Okay, have y’all sufficiently recovered from Saturday night’s trainwreck to start looking at what’s up next? (Honestly, I’m not sure I have, but here we are anyways)
After expectations that lay near the gutter of the ACC, N.C. State has been one of the conference’s two biggest surprises this season thanks to unprecedentedly improved play from erstwhile starting quarterback Devin Leary helping to supplement what the Wolfpack already had, which was a strong defensive front and a pretty potent running game. They started out the season late thanks to COVID-19 and were pretty inconsistent from the get-go, starting their season with a close win against Wake Forest and then getting absolutely washed by Virginia Tech, but have since won 3 straight, including drubbing a UVA team that was supposed to be pretty good. They’ve impressed national media enough to work their way into the back of the rankings, and Mack Brown still thinks they’re under-ranked. So after losing to a team that UNC was two-score favorites over, a game that looked pretty easy preseason given the results of last year’s game and State’s expectations for this one suddenly looks like a tough game to bounce back with. Let’s take a deeper look at what the Heels are going to be up against:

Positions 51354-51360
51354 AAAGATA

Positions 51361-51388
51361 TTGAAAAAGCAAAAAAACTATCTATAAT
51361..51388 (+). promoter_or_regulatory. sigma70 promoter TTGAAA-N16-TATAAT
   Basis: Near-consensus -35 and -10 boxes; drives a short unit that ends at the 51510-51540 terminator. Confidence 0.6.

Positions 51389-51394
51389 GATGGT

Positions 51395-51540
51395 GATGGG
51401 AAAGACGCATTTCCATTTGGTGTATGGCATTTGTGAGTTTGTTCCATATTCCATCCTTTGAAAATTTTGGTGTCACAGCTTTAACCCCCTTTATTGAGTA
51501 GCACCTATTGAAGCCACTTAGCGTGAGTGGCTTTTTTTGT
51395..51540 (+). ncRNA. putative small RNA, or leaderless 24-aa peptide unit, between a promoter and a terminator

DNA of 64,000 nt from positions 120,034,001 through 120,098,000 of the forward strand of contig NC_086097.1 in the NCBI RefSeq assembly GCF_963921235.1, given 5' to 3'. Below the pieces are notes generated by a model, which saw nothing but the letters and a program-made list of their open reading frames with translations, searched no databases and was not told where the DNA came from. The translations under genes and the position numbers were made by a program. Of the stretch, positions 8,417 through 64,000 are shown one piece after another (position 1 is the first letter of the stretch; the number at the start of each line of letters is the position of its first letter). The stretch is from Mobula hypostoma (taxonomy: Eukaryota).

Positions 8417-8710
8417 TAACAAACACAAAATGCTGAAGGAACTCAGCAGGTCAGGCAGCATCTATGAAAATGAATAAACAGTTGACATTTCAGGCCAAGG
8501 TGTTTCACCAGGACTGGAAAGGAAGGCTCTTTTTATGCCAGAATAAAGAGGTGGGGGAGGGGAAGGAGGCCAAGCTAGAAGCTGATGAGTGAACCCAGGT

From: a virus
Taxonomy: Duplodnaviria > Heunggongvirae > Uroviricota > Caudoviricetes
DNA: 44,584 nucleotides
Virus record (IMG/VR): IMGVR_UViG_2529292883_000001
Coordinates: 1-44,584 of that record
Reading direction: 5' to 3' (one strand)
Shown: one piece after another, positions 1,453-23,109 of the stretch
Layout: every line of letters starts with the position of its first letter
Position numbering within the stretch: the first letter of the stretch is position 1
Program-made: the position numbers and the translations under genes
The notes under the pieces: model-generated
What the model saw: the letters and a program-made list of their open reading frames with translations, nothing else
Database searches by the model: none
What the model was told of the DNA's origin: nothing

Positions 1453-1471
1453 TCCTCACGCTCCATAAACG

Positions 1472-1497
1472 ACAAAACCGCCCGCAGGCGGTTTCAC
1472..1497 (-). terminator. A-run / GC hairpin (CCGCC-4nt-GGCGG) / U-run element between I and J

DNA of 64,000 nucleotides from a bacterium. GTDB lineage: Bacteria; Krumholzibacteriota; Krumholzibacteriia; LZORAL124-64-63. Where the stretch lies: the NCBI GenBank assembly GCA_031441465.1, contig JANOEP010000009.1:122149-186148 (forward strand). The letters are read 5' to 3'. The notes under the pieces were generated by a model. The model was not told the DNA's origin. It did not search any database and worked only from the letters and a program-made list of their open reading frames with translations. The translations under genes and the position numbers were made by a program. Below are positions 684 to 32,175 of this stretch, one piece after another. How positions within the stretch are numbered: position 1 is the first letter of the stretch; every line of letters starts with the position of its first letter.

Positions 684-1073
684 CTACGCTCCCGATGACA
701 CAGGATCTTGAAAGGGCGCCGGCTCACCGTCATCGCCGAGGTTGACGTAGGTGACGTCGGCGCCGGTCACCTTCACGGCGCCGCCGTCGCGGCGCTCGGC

NC State Offense